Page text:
Even so, after 5 years, I have still to see any convincing argument against the opinions I expressed when I wrote Being a heretic and going against the party line.. I still find it far quicker to use a 'bunch of regex' to extract the data I want from the average, subject-to-change, website than to work out which combination of modules and methods are required to 'do it properly'. And when things change, I find it easier to adjust the regex than figure out which other module or modules and methods I now require.

I think that there is an element of 'laziness gone to far' in the dogma that regex is "unreadable, unmaintainable and hard". It is a complex tool with complex rules, just as every parser out there. You have to learn to use it, just as with every other parsing tool out there. It has limitations just like every other parser out there.

And there are several significant advantages of learning to use regex, over every other parsing tool out there.

  1. It's always available.
  2. It is applicable to every situation.

    Left recursive; right recursive; top down; bottom up; nibbling; lookahead; maximal chunk; whatever.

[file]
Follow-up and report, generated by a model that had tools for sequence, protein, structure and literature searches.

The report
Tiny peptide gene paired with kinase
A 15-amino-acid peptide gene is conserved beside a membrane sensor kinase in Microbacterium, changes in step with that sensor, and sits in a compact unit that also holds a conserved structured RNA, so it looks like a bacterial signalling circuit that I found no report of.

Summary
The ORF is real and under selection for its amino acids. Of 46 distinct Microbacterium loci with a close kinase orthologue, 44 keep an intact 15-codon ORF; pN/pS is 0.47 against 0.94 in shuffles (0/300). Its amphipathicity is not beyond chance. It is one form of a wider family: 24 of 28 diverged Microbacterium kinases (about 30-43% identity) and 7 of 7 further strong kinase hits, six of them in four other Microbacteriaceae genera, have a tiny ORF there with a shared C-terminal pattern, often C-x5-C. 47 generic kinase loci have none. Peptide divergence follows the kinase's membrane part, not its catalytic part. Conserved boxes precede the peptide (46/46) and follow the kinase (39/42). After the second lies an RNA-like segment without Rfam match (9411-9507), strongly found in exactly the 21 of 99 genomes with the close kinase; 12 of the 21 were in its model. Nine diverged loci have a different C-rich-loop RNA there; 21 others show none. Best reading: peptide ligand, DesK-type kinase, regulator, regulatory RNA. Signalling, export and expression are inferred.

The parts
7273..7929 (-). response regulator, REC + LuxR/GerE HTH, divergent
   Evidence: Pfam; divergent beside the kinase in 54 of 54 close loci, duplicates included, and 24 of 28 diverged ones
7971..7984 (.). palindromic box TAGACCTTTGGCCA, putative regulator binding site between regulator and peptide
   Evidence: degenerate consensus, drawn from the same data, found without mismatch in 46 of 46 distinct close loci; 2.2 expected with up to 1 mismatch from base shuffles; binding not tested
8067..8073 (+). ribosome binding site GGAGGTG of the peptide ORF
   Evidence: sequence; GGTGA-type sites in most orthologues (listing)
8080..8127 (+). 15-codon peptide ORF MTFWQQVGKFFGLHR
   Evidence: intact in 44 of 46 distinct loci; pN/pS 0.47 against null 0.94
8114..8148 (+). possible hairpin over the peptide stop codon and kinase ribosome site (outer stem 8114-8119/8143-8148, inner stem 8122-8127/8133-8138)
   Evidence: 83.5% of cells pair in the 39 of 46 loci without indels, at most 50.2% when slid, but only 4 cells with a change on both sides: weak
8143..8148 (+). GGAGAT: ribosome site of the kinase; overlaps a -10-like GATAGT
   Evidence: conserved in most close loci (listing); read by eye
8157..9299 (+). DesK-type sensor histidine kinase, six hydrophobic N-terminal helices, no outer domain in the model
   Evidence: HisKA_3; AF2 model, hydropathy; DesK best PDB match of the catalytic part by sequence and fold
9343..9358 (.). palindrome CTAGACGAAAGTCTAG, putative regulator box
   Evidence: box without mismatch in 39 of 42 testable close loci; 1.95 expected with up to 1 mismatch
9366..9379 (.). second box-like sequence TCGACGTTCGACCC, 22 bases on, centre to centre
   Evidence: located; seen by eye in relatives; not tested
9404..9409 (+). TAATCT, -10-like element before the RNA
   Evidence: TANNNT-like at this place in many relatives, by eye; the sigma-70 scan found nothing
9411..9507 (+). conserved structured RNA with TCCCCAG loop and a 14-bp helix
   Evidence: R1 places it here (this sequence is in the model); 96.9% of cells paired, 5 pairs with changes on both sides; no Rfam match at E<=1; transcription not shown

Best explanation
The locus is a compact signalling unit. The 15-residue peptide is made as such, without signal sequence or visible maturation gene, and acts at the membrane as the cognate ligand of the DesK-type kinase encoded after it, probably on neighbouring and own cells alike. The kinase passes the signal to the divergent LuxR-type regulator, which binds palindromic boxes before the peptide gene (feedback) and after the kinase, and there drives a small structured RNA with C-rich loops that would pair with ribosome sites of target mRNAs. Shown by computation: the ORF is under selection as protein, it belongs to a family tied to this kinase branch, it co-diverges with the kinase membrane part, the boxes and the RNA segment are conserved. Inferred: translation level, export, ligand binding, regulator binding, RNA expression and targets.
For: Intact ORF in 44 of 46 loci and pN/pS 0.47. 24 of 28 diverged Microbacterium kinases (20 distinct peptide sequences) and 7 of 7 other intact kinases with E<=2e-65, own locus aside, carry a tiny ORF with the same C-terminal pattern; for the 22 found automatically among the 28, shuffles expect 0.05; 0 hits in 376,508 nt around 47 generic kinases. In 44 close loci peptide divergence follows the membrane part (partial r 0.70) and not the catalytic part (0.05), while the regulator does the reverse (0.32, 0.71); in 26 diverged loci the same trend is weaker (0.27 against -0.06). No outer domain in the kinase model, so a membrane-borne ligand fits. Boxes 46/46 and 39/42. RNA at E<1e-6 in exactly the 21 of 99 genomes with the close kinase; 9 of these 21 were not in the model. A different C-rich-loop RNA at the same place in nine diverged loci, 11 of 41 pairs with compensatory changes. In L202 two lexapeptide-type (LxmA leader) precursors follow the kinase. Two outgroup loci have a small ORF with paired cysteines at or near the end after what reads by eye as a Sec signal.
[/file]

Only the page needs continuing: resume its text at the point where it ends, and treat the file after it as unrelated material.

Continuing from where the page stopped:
3. You have complete control.

    Need to perform some program logic part way through a parse? No problem, use /gc and while.

    Need to parse a datstream on the fly. No problem, same technique applies.

    Want to just skip over stuff that doesn't matter to your application. No problem. Parse what you need to, skip over what you don't. You don't have to cater for all eventualities, nor restrict yourself to dealing with data that complies to some formalised, published set of rules.

  4. It's fast.

Mostly, take the time to learn to use regex well and you'll not need to run off to cpan to grab, and spend time learning to use, one of ten new modules, each of which purport to do what you need, but each of which has its own set of limitations and caveats.